The microbead packing is the critical element required in the success of on-chip microfabrication of critical microfluidic components for in-situ analysis and detection of chiral amino acids. In order for microliquid chromatography to occur, there must be a stationary phase medium within the microchannel that interacts with the analytes present within flowing fluid. The stationary phase media are the microbeads packed by the process discussed in this work. The purpose of the microliquid chromatography is to provide a lightweight, low-volume, and low-power element to separate amino acids and their chiral partners efficiently to understand better the origin of life. In order to densely pack microbeads into the microchannels, a liquid slurry of microbeads was created. Microbeads were extracted from a commercially available high-performance liquid chromatography column. The silica beads extracted were 5 microns in diameter, and had surface coating of phenyl-hexyl. These microbeads were mixed with a 200- proof ethanol solution to create a microbead slurry with the right viscosity for packing. A microfilter is placed at the outlet via of the microchannel and the slurry is injected, then withdrawn across a filter using modified syringes. After each injection, the channel is flushed with ethanol to enhance packing. This cycle is repeated numerous times to allow for a tightly packed channel of microbeads. Typical microbead packing occurs in the macroscale into tubes or channels by using highly pressurized systems. Moreover, these channels are typically long and straight without any turns or curves. On the other hand, this method of microbead packing is completed within a microchannel 75 micrometers in diameter. Moreover, the microbead packing is completed into a serpentine type microchannel, such that it maximizes microchannel length within a microchip. Doing so enhances the interactions of the analytes with the microbeads to separate efficiently amino acids and amino acid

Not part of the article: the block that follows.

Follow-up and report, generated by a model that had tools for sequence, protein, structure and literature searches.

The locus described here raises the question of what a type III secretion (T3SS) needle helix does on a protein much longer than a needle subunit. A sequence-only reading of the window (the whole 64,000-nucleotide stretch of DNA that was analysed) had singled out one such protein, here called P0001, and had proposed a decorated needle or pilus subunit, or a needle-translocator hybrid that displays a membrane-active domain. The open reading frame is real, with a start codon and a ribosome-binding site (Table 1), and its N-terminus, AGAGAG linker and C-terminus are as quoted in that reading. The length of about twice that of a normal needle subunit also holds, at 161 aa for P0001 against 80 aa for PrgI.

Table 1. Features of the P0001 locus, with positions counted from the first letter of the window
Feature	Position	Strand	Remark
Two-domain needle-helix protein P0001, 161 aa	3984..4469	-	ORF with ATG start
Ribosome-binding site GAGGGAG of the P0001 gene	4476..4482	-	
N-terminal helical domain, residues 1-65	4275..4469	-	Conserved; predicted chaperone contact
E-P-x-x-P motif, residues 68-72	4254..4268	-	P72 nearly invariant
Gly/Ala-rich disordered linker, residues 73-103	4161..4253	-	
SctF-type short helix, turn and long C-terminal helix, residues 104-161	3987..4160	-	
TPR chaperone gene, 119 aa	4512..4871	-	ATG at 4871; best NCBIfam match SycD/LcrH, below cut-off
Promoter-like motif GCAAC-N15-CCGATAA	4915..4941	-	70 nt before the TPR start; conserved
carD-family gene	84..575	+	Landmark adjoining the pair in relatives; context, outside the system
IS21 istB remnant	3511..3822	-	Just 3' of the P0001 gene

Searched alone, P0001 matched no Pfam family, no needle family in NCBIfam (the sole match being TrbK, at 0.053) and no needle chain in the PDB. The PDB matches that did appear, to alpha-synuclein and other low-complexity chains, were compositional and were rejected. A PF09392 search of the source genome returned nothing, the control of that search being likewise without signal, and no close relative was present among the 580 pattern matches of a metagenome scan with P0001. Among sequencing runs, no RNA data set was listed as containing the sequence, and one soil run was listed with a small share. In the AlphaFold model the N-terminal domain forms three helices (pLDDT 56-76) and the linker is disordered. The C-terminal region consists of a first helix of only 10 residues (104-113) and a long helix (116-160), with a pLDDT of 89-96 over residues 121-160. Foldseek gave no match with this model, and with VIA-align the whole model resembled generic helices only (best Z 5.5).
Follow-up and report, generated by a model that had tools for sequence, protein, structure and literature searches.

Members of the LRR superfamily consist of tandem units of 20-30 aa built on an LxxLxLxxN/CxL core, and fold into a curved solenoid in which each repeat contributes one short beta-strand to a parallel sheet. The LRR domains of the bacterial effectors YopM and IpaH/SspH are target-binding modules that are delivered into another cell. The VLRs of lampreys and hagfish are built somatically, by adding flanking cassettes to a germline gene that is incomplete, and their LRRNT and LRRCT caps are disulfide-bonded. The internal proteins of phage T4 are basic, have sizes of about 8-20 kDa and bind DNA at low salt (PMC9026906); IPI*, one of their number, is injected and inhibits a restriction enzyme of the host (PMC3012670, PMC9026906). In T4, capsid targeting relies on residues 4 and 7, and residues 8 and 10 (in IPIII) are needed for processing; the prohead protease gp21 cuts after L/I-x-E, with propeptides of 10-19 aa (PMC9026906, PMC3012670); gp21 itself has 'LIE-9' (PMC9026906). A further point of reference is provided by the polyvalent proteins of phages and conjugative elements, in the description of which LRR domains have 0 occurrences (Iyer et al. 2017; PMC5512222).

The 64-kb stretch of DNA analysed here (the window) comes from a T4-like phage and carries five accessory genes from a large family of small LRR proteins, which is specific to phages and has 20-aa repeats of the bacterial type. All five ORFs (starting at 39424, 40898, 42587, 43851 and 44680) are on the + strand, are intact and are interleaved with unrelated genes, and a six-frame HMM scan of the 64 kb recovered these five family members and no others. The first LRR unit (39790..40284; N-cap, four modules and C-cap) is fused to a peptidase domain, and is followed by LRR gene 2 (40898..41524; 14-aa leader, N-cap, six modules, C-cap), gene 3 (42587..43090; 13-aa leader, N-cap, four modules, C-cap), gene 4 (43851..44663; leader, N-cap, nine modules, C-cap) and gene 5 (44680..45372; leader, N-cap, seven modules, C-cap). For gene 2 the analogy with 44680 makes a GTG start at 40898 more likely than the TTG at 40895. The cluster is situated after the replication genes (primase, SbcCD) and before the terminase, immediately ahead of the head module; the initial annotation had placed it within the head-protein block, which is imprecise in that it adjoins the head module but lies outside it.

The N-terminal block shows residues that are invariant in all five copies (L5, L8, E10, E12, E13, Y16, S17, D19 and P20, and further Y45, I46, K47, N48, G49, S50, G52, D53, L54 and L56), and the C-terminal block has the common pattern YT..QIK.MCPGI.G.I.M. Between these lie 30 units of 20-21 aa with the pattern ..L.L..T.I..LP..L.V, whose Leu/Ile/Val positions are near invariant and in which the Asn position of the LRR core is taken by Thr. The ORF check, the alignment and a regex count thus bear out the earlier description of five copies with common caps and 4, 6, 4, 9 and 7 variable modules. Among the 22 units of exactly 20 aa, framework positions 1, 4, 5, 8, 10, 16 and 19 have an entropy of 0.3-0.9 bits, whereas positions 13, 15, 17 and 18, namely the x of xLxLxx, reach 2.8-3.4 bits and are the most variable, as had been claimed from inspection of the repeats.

9. Element analysis on Japanese ancient glass by PIXE method

    Koizumi, Y.; Kobayashi, K.

    2001-01-01

    The authors analyzed ancient glasses using PIXE (particle induced X-ray emission) method associated with the accelerator used for the trace analysis of environments and organisms. They examined whether the material properties of the glasses made by ancient technology have correlation with those of each era or each region both in and out of Japan. The alkali lime glasses excavated from Japanese ancient ruins are classified as soda lime glasses and potash lime glasses, and intermediate glasses containing both are also detected. As for the glasses between the late Yayoi period and the early Tumulus period in eastern Japan, glass beads were mostly classified as potash lime glasses. In the mid and late Tumulus periods, soda lime glasses and the glasses with an intermediate composition increased in addition to potash lime glasses. In the analysis of the glass beads excavated from the ruins of the late Yayoi period to the early Tumult period in Tsushima, potash lime glasses and soda lime glasses coexisted in the same period. Most of the coloring components of deep-blue system mostly found in eastern Japan were manganese and iron, and the coloring components such as blue, green, sky blue, etc. were copper. Yellow was the color expressed with lead or lead - iron. The coloring materials were common regardless of the classification of glasses based on main components. (A.O.)

  10. PREPRARATION OF CoPcS/TiO2/BEADS AND THEIR PHOTOCATALYTIC REACTIVITY FOR PHOTODEGRADATION OF VEGETABLE OIL FLOATING ON WATER

    2007-01-01